Repair Bills Mount for Deteriorating Roads
Missouri's annual road budget this year, at $700 million, is little more than half what it was just a few years ago. Transportation money dropped since 2010 after a state bonding program that was paying for infrastructure improvements ended and aid from the federal stimulus ran out.
So now, the Missouri Department of Transportation is focusing almost all of its remaining money to fix just existing roads. There is no money for new interchanges or a long-sought widening of Interstate 70 between St. Louis and Kansas City, a major trucking corridor.
“We're at a point where we are going to take as good care of the system that we have now for as long as we can, but we know that we can't hold our own for long,” said Dave Nichols, the agency's director. “You don't add a room on a house when the roof is leaking.”
It is a frustrating situation all too familiar to transportation officials around the country. While a handful of states passed major transportation packages this year, many more are struggling to figure out how to simply keep up the roads, bridges and rails they already have.
“The maintenance idea has become the conservative position, or the fall back position, of these states that are not able to come up with a revenue package,” said Sean Slone, a transportation expert with the Council of State Governments. “But some states are even discovering that the do-nothing approach, the status quo, isn't even achievable given the revenue levels they have.”
Besides fallout from the recession, states are contending with a long decline in the buying power of per-gallon taxes for gasoline and other fuels. The taxes generally do not increase with inflation, and people tend to buy less gas per mile as cars become more fuel efficient.
But lawmakers at both the state and federal levels are loathe to raise gas taxes. That leaves cash-strapped states few attractive options for boosting road funding.
Missouri, for example, last raised its gas tax in 1992. But since then, the cost of building materials has tripled, the state says. Lawmakers there shelved a proposal before adjourning earlier this month to raise the state's sales tax by a penny to pay for transportation improvements. Legislators know the needs are great, Nichols said, but there are a lot of other areas in state government that need more money, too.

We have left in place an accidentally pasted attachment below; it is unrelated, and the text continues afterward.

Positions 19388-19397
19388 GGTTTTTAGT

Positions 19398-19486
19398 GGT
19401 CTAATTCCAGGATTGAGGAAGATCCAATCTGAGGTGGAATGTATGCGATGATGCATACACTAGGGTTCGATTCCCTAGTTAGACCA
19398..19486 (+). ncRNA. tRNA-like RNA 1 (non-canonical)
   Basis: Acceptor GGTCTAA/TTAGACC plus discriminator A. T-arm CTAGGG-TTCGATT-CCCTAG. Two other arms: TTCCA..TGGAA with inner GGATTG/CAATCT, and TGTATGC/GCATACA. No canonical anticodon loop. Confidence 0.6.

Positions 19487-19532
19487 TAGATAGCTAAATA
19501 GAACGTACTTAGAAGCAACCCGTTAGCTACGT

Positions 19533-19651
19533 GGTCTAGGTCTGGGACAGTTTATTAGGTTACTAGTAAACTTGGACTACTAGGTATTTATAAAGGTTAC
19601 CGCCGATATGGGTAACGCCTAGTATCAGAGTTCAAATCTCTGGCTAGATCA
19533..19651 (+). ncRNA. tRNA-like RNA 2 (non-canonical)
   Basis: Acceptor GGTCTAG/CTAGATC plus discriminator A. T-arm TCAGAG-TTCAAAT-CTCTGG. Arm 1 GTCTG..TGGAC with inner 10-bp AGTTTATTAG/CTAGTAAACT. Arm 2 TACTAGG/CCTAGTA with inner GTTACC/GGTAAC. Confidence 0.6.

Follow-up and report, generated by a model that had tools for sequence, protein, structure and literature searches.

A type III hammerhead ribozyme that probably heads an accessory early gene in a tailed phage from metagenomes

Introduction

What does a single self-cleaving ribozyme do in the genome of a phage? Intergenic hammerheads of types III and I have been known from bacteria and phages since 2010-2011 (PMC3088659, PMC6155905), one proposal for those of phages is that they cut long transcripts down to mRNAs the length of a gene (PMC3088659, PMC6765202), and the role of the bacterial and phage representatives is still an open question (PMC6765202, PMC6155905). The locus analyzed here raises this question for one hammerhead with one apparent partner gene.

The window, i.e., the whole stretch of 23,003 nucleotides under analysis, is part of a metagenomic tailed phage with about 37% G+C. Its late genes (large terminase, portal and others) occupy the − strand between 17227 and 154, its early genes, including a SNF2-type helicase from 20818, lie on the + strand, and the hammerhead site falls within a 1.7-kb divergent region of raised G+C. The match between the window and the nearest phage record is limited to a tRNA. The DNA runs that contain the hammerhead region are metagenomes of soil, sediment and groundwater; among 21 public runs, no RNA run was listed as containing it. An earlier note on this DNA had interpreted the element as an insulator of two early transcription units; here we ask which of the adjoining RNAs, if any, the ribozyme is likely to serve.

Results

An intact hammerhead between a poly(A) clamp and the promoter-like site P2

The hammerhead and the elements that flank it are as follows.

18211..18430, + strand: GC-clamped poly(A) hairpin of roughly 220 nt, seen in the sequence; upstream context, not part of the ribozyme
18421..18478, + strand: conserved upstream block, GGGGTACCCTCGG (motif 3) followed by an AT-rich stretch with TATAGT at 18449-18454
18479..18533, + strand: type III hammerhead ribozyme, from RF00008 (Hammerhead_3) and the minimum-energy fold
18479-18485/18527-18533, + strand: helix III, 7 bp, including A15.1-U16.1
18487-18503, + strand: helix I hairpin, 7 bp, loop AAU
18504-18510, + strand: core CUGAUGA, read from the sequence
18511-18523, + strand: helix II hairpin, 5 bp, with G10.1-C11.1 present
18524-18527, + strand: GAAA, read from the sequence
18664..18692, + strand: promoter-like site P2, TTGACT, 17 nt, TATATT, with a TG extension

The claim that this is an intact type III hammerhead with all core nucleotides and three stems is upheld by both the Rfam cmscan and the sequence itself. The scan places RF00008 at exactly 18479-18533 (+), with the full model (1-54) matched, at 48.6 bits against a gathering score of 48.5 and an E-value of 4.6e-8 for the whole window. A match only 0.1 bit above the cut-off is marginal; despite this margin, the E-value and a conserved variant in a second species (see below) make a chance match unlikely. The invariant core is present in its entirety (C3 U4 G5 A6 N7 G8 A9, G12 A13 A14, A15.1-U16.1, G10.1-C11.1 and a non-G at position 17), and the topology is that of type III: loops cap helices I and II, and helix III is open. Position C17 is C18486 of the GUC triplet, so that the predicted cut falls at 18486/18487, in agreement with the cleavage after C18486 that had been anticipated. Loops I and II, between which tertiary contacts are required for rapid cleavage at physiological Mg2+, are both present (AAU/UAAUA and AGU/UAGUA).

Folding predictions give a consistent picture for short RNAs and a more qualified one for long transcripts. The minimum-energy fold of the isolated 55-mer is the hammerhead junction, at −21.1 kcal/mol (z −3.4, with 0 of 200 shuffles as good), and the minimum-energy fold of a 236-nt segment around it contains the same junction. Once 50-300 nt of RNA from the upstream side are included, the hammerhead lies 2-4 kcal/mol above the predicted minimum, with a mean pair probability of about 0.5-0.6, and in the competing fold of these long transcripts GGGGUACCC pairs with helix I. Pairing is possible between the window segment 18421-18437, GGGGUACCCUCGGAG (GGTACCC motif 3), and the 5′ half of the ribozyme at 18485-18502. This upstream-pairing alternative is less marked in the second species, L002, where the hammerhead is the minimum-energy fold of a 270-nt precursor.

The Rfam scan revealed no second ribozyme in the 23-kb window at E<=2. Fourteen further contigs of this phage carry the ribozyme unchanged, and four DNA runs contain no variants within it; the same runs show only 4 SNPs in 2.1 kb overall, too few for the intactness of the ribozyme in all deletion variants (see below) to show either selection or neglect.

In the austere climate, states have focused on improving existing infrastructure. The number of bridges classified by the federal government as structurally deficient, for example, decreased by 14 percent between 2005 and 2012. And road conditions generally improved in the last four years, according to the American Society of Civil Engineers.
“While the conditions have improved in the near term …that level of investment is insufficient and still projected to result in a decline in conditions and performance in the long term,” the group wrote in its 2013 infrastructure report card.
ASCE says the federal, state and local governments now spend $91 billion annually on roads. The Federal Highway Administration estimates that $170 billion a year would be necessary to improve highway conditions and performance.
Michigan Gov. Rick Snyder, a Republican, pushed legislators early this year to devote $1.2 billion more a year on keeping up the state's roads. He told them spending money up front would save money in the long run, like changing a car's oil regularly instead of waiting for an engine rebuild.
But the Republican-led legislature balked at his ideas of raising registration fees and fuel taxes. Lawmakers also opted, for now, not to ask voters for a sales tax increase. Instead, the budget framework now pending in Lansing would spend an additional $350 million on roads, well short of Snyder's goal.
“While we're putting a lot of resources into roads, there's still more work that needs to be done,” Snyder said in a statement released after the budget outlines were revealed.